2. Taking breaks
You aren’t meant to sit at a desk or computer for eight to 12 hours a day, and yet many people do. While that may be the reality of your entrepreneurial path, mix it up by taking breaks in your day. Get up, walk, move and stretch. Try a standing desk platform for certain work portions of the day. Take a real break to enjoy a healthy meal for lunch and follow it up with a walk. Time is always precious, but breaks and moving will make you more productive and help your body to stay well adjusted in the long run.
3. Outsourcing to create time
Speaking of time being precious, get some time back by outsourcing anything and everything you can afford. Get a virtual assistant, hire a freelance designer, book your first CPA — just start outsourcing as much of your business as possible to get some time back.
4. Working at the best times
One thing that’s great about the entrepreneur lifestyle is the ability to be flexible. Really productive people know when they’re at their best. Some love to cram out huge productivity sessions after 10 p.m. when the family is in bed while others know they shine first thing in the morning. Whatever you body’s naturally most productive time, do most of your work then.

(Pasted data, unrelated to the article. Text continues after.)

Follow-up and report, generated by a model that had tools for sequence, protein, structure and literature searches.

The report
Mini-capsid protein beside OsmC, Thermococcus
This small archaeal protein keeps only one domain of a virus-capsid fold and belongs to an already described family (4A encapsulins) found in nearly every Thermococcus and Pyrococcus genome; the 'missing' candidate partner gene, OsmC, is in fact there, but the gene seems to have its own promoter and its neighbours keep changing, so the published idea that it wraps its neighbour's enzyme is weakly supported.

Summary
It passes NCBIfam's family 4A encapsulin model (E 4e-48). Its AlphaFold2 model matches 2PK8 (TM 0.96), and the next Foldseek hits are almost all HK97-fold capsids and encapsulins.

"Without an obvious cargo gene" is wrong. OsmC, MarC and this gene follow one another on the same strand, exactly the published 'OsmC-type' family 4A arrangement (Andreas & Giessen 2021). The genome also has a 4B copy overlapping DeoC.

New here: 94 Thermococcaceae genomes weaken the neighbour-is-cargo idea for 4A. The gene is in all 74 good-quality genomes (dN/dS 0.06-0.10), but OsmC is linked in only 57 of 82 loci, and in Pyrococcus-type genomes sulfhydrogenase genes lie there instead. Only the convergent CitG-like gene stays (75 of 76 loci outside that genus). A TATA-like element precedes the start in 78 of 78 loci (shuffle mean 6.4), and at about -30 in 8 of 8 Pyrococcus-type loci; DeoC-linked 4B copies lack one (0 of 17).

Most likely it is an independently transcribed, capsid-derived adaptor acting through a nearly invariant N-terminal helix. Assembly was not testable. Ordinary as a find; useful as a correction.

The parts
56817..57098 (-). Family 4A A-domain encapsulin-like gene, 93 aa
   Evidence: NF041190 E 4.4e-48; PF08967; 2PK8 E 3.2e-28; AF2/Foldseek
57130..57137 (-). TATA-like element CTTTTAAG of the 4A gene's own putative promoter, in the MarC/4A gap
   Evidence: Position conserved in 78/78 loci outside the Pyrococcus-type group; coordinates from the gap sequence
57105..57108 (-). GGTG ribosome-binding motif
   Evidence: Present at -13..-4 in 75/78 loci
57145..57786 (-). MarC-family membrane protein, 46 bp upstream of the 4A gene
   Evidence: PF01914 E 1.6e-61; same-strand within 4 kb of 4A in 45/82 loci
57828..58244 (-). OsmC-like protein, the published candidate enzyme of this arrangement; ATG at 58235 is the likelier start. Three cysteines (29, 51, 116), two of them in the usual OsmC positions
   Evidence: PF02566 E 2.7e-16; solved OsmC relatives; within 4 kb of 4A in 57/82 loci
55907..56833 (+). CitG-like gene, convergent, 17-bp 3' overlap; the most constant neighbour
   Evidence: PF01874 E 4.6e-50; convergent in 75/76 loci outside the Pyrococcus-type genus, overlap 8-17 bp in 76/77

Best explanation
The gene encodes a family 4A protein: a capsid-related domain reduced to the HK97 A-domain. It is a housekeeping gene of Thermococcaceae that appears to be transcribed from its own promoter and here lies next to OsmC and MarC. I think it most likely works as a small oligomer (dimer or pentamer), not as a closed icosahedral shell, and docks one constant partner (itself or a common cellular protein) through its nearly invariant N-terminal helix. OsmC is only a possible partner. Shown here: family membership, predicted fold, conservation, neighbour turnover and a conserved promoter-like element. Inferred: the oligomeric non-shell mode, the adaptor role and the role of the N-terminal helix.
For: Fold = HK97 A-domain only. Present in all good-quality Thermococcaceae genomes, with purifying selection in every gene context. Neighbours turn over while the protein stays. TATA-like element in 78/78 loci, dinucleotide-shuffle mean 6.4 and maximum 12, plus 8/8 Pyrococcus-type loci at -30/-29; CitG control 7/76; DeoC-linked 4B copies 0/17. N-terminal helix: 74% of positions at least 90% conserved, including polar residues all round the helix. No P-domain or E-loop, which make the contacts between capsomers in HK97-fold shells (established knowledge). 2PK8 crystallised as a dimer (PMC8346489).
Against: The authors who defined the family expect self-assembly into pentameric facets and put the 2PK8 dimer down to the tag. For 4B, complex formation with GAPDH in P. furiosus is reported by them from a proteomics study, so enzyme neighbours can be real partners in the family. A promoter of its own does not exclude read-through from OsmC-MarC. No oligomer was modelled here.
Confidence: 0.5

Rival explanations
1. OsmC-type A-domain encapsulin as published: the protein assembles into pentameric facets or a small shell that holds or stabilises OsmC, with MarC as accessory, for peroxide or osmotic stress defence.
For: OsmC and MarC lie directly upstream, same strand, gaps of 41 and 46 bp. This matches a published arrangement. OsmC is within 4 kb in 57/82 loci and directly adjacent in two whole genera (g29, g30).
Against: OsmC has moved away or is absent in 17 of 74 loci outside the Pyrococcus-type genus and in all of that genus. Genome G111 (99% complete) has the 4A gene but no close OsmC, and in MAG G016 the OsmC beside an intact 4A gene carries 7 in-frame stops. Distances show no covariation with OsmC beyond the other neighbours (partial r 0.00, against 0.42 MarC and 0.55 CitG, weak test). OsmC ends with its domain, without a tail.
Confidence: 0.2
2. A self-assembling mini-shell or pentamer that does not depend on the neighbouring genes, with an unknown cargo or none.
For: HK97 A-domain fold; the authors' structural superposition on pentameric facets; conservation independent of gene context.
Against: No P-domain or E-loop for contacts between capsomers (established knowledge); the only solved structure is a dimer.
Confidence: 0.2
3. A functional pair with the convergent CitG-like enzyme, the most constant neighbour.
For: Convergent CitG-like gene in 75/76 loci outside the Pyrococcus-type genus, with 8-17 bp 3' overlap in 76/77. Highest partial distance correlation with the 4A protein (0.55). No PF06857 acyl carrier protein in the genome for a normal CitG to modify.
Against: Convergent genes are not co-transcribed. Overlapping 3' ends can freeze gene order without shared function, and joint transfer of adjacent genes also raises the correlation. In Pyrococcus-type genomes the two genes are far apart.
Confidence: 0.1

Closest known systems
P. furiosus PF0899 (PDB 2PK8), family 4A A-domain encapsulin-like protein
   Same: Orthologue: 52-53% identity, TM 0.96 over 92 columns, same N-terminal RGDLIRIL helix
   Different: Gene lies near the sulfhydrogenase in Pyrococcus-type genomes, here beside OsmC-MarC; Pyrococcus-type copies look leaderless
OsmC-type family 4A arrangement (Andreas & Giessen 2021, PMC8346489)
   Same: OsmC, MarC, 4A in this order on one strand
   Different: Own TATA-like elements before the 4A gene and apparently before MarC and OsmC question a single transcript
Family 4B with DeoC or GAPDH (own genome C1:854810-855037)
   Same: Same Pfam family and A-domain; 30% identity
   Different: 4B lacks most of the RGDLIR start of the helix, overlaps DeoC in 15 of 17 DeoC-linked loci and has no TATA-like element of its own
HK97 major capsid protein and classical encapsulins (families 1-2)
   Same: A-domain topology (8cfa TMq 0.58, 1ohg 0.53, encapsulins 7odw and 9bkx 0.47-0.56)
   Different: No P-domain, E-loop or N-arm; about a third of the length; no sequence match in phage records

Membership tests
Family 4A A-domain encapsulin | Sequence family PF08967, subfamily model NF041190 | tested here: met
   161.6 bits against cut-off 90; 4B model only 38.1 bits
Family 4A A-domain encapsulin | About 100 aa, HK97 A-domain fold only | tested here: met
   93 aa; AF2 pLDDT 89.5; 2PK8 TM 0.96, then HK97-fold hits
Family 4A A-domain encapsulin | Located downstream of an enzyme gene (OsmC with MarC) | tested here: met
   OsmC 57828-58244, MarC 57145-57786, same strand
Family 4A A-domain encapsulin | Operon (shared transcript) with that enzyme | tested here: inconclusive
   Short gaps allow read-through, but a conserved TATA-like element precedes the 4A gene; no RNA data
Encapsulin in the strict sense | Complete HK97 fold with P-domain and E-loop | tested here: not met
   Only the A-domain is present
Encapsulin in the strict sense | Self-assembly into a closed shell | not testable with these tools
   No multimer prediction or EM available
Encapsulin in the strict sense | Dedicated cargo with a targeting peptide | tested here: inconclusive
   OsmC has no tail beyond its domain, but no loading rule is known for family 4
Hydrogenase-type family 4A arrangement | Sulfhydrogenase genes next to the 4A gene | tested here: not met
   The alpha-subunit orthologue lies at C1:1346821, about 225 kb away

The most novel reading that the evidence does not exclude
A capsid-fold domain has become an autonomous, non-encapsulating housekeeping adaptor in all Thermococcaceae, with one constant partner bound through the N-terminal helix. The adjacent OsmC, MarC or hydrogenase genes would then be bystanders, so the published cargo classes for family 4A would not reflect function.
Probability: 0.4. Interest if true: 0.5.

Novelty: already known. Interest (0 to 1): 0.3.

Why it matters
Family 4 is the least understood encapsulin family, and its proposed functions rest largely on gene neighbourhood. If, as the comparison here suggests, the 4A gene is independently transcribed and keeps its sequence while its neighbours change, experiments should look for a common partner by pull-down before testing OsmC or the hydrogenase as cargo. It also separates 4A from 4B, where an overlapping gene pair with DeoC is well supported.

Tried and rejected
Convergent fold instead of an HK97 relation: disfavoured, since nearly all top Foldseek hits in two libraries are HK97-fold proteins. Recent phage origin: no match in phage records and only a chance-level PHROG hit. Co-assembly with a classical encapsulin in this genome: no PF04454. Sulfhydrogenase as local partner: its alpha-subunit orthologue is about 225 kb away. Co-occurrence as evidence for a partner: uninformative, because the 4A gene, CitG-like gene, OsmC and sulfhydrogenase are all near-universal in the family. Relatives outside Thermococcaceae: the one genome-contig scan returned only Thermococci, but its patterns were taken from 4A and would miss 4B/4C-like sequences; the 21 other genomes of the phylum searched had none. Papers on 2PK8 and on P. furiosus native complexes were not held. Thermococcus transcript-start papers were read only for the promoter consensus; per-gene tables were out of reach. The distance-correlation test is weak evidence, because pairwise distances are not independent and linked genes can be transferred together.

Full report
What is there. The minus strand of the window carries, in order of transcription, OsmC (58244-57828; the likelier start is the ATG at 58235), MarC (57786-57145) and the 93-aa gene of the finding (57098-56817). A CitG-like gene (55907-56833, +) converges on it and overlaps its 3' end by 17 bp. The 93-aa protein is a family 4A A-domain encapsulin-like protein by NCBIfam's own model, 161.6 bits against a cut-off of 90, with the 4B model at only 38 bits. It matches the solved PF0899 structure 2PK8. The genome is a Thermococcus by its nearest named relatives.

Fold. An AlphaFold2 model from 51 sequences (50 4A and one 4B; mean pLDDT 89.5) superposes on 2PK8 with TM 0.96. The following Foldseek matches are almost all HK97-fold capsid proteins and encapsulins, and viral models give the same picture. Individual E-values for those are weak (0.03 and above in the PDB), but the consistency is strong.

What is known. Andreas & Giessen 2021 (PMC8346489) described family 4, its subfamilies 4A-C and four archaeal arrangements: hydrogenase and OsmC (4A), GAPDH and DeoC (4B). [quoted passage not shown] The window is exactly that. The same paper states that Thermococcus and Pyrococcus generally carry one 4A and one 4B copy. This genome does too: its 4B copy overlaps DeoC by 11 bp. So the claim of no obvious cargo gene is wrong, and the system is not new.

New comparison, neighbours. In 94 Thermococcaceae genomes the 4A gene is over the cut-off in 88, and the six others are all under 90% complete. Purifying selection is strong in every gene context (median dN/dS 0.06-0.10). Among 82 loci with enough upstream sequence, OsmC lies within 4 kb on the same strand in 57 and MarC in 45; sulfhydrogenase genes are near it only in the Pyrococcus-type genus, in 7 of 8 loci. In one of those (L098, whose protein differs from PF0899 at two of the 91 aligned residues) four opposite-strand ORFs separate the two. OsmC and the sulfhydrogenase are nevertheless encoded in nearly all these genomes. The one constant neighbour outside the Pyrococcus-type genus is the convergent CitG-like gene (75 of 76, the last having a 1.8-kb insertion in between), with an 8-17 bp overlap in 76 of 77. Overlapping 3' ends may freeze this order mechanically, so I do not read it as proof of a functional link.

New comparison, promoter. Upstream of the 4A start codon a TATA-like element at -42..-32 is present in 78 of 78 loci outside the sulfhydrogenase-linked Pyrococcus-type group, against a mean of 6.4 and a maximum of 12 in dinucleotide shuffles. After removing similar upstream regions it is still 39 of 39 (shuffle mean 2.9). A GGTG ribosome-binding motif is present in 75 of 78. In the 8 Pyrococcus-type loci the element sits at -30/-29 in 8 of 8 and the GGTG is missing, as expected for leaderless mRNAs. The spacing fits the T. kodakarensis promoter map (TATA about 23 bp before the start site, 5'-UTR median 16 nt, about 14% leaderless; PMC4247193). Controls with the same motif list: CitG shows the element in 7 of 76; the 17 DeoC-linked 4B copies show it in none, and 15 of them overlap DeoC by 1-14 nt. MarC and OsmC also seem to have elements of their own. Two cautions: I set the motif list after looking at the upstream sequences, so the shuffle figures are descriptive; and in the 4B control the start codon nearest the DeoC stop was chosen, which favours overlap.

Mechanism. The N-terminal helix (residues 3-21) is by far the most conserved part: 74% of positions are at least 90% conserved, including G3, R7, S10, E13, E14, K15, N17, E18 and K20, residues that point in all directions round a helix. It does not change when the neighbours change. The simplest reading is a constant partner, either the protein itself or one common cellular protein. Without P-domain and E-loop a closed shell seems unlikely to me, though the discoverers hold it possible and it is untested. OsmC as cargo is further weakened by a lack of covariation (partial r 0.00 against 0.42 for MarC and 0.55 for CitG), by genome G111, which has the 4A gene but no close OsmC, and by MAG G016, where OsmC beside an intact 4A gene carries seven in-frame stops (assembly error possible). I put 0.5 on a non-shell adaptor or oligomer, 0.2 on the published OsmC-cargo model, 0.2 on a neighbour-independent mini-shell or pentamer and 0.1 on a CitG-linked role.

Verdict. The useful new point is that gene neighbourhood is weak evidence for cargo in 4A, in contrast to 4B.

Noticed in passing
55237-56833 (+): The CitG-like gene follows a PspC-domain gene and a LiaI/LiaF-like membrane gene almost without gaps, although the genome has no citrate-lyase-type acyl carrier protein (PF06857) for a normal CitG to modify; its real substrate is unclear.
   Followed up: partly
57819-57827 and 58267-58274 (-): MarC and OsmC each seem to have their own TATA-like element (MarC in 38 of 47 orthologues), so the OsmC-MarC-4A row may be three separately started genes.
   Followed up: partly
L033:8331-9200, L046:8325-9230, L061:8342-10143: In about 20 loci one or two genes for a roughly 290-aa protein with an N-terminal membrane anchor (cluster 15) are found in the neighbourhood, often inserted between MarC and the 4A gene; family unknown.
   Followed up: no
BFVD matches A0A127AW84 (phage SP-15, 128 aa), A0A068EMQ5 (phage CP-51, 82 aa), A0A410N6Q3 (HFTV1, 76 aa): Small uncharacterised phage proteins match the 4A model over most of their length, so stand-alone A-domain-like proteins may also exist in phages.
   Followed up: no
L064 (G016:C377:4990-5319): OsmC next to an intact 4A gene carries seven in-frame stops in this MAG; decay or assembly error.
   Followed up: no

5. Prioritizing everything
Productive people know that there are urgent things and then there are important things. They’ve mastered the skill of letting go of “urgency” for what’s actually important and a priority. You won’t be able to do it all every day. Prioritize and plan to make the most efficient use of your time.
6. Taking actions vs. overanalyzing
Productive people know that good planning doesn’t work without taking action, too. It’s important to plan, but many will get lost in the perfectionist trap. It’s better to take action on a good plan then to sit on a perfected plan and wait. Productive people create the future by taking action.
7. Getting organized
If time is always of the essence, productive people understand that having an organized life means saving time. It takes less time to label something properly or put something back properly than it does to try to find it later in a heap of disorganized junk. Get organized in every aspect of your life for maximum productivity.
8. Not multitasking